US embassy cable - 04MADRID604


Identifier: 04MADRID604
Wikileaks: View 04MADRID604 at
Origin: Embassy Madrid
Created: 2004-02-20 17:00:00
Classification: UNCLASSIFIED
Redacted: This cable was not redacted by Wikileaks.
This record is a partial extract of the original cable. The full text of the original cable is not available.

E.O. 12958: DECL: N/A 
1. SUMMARY:  Recent public opinion polls show that rising 
housing prices are a serious concern of the Spanish public. 
Between 1997 and 2002, housing prices rose 78% in real 
terms.  A hot real estate market based on strong demand and 
low interest rates has fed the sharp increase.  Government 
regulation, which restricts the development of available 
land, has also impacted housing prices.  The economic 
consensus is that prices are overvalued.  Some conclude 
that a property bubble has been forming, but government 
officials and the majority of private sector analysts 
believe a gradual correction is coming without a "bubble 
bursting".  Still, given the economic implications of a 
sharp fall in housing prices and public anxiety over 
affordable housing, the ruling Popular Party (PP) and the 
opposition Socialist party (PSOE) are both making housing 
policy a central plank of their economic platforms in the 
upcoming national elections.  END SUMMARY. 
2.  The price of real estate in Spain has become a key 
issue in the run up to the March national elections.  A 
survey from the Center of Sociological Studies (CIS) 
published in December noted that 22% of Spaniards consider 
rising housing prices a serious personal concern, and 19%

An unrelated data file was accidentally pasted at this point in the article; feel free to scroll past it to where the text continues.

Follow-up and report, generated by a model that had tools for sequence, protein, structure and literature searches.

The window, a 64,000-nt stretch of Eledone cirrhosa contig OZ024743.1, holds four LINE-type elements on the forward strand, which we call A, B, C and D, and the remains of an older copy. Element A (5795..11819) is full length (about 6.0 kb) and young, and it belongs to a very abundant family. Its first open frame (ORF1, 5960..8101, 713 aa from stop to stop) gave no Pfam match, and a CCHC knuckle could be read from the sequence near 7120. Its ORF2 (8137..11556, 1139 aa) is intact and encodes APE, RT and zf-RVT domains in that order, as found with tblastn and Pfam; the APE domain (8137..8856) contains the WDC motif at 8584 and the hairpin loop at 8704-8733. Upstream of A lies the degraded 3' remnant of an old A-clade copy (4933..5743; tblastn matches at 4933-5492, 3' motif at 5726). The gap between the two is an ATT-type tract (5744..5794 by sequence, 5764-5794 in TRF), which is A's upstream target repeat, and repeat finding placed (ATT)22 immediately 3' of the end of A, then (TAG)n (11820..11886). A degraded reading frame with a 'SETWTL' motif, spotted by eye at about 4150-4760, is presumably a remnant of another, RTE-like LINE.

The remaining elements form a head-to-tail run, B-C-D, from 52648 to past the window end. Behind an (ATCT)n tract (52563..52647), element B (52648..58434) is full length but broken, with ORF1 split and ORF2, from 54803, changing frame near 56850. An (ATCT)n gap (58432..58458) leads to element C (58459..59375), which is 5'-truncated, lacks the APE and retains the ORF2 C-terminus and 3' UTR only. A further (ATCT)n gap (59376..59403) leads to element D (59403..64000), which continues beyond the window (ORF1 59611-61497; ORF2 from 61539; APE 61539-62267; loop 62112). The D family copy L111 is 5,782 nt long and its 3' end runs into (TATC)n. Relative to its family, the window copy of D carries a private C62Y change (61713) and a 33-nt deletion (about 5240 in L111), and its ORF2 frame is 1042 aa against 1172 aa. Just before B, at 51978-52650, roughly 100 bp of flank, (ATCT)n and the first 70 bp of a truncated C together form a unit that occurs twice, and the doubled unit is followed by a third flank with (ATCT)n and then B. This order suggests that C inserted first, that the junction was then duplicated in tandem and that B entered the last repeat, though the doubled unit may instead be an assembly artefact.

of the population considers housing to be one of the 
nation's most critical problems.  Both percentages have 
risen significantly in recent months.  Housing concerns 
were identified as the third most important personal issue 
in Spain after unemployment and economic problems, and the 
fourth most important issue facing the nation. 
3. Press coverage has focused on Spaniards' growing debt 
and the challenge of paying mortgages.  In Madrid, the 
average family requires 70% of its salary (EUR 37,383 per 
year - USD 47,103 at an exchange rate of EUR 1=USD 1.26) to 
pay the mortgage over fifteen years at an interest rate of 
4.3%.  Housing payments vary in other regions: 65% of 
average salary in Catalonia, 68% in the Basque Country, and 
on the low end of the spectrum, 39% in Murcia and Galicia. 
In 2003, Spanish personal debt reached historic levels, and 
mortgages accounted for four-fifths. 
4. The average price of new housing has doubled in Spain in 
the last eight years, rising 78% between 1997 and 2002. 
The increase in property values in 2003 alone was an 
estimated 17%.  The causes of the boom, according to recent 
studies by the Spanish Savings Bank Confederation (FUNCAS) 
and the Bank of Spain, include a scarcity of homes in the 
housing market, the Spanish preference to buy rather than 
rent, a poor rental market and a lack of transparency in 
government real estate regulation. 
5.  What is clear from the significant rise in housing 
prices in the past few years is that the supply of housing 
is lower than existing demand.  More buyers are appearing 
in the Spanish market: single Spaniards, divorced 
Spaniards, immigrants and foreign retirees.  Low interest 
rates and easy credit make these customers eager to 
purchase.  The resulting construction boom has failed to 
satiate demand or slow the rise in prices.  Spain is 
currently on track to construct over 500,000 new homes for 
the fourth consecutive year, a quantity that accounts for 
40% of total EU new home construction over that period. 
Despite additional supply, housing prices have grown three